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Fatality Rate Still Too High: Fall Prevention in Construction

open scaffolding where fall protection is required

Fatality Rate Still Too High: Fall Prevention in Construction

Fall prevention in construction has been an ongoing hot topic with OSHA – and it does not look like it is going anywhere any time soon.

Falls in Construction Statistics

From the Bureau of Labor Statistics Census of Fatal Occupational Injuries Summary, 2015- released on December 16, 2016:

“The 937 fatal work injuries in the private construction industry in 2015 represented the highest total since 975 cases in 2008.

“Falls to a lower level accounted for 81 percent of all fatal falls. Of those cases where the height of the fall was known, more than two-fifths of fatal falls occurred from 15 feet or lower. Fatal falls to a lower level accounted for nearly 40 percent of fatal work injuries in the private construction industry in 2015.”

In Massachusetts, yet another fatality occurred when a 30 year-old man was working on a steel construction site at New England Sports Center in Marlborough, MA. The sports center is undergoing an 88,830 expansion that will include two new ice rinks.

Responders rushed the man to Marlborough Hospital where he later died of his injuries. The accident is currently under investigation by local authorities and OSHA.

Fall prevention programs are important to reduce the potential hazard of falls like these. To comply with OSHA standards for the construction industry, any time a worker is at a height of six feet or more the worker must be protected.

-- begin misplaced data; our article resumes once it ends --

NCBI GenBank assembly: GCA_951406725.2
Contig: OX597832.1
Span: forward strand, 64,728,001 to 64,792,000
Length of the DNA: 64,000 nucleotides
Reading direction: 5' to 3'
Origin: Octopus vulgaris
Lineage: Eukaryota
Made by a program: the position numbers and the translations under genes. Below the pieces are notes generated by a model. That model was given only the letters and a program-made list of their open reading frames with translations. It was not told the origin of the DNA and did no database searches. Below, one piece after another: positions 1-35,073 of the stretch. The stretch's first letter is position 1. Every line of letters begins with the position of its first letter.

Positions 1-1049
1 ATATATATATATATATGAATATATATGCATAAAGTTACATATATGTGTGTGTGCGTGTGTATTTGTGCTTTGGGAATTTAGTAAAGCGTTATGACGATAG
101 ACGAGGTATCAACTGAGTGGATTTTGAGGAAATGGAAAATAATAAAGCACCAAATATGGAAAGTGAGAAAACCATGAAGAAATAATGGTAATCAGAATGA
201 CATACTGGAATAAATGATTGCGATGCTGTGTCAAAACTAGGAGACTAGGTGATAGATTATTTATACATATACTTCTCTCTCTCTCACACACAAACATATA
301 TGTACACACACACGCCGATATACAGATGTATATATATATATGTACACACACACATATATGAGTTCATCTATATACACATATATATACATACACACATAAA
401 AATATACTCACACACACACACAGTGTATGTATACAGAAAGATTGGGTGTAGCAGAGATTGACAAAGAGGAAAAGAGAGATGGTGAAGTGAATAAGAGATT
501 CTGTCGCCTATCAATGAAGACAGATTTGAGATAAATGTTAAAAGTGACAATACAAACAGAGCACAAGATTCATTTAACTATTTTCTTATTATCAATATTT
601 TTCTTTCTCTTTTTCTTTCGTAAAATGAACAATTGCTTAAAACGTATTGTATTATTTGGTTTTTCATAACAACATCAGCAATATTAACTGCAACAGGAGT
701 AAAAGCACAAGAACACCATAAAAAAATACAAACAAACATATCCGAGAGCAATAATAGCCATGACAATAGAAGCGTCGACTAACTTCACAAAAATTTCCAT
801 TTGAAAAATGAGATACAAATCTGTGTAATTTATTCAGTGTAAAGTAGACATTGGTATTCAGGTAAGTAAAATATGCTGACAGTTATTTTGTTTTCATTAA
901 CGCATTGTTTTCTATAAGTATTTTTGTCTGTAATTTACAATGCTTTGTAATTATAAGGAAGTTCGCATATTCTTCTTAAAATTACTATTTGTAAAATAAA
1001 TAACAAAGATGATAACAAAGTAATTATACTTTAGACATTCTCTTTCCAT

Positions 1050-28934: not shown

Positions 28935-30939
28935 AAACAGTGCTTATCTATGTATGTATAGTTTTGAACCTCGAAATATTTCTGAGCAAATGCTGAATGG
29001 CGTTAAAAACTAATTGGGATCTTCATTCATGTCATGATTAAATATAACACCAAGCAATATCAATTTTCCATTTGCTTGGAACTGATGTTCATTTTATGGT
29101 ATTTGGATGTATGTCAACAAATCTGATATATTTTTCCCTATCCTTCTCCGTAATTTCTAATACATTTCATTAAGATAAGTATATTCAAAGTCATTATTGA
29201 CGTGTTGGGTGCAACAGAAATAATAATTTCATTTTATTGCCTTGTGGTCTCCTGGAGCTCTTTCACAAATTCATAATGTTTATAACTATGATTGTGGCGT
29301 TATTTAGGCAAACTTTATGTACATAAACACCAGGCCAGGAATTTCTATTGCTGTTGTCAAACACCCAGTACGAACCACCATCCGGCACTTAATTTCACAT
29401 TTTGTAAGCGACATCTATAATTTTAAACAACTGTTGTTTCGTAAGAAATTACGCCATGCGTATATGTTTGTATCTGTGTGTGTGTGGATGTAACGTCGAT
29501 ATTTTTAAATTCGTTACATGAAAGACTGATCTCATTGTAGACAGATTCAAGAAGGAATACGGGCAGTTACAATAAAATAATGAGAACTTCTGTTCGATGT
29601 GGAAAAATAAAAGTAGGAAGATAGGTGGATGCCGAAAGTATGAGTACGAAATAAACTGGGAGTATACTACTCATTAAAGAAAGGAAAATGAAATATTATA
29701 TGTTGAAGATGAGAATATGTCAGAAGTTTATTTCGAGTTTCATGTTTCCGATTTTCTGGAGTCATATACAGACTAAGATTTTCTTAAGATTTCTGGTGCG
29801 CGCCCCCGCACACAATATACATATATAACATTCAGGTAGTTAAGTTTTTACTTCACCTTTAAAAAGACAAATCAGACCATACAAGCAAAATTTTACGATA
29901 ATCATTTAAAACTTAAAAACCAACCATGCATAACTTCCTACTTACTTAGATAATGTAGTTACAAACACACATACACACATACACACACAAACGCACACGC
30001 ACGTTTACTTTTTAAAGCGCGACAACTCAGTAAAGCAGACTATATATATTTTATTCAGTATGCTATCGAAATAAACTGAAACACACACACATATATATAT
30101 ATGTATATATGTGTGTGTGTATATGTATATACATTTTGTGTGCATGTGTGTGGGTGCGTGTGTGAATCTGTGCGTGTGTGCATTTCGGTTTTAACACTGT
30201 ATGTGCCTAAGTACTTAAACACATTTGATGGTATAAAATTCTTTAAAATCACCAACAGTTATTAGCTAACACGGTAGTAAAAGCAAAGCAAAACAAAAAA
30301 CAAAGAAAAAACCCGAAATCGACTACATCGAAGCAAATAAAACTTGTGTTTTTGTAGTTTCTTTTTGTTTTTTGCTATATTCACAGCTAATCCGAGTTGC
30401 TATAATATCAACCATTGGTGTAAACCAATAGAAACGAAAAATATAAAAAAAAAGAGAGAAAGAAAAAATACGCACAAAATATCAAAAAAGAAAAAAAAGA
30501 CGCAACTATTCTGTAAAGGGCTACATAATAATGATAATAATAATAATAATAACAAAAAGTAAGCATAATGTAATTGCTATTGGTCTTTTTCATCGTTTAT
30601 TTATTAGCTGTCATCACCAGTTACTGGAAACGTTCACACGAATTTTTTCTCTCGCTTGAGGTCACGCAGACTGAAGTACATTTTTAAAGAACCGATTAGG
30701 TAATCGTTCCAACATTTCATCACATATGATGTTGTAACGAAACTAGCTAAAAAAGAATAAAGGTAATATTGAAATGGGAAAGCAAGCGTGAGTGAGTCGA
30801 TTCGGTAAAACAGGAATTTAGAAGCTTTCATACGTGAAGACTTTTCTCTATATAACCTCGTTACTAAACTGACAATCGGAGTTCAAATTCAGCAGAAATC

Fall Protection

OSHA standards for construction (CFR 1926) state that fall protection must be provided for each employee on a walking/working surface with an unprotected side or edge at a height of six feet for construction.

Employers have a responsibility to provide fall protection programs, training on the fall protection program, and ongoing evaluation of the effectiveness of the program.

It is important to select the correct fall prevention strategy or combination of strategies for the work being performed. 

According to OSHA, you should use at least one of the following whenever employees are exposed to a fall of 6 feet or more: •Guardrail Systems •Safety Net Systems •Fall Arrest Systems •Immediately cover or guard floor holes as soon as they are created. •Guard or cover any openings or holes immediately. •Construct all floor hole covers so they will effectively support two times the weight of employees, equipment, and materials that may be imposed on the cover at any one time. • In general, it is better to use fall prevention systems, such as guardrails, than fall protection systems, such as safety nets or fall arrest devices.

New Walking and Working Surfaces Standard for General Industry

Construction, while it currently carries the highest rate of fatalities due to falls, is not alone in concerns regarding falls at work. In November 2016, OSHA  updated the Walking-Working Surfaces and Fall Protection Standards for General Industry. The rule incorporates advances in technology and industry best practices to improve worker protection. The updates apply to subpart D- Slip, Trip, and Fall Hazards, and subpart I- personal fall protection systems.

Fall Protection and Walking-Working Surface Safety Training

United Alliance Services offers several fall protection courses:

We also provide an OSHA Walking-Working Surface Rule update training for General Industry. To schedule a class, call (774) 302-4305.

 

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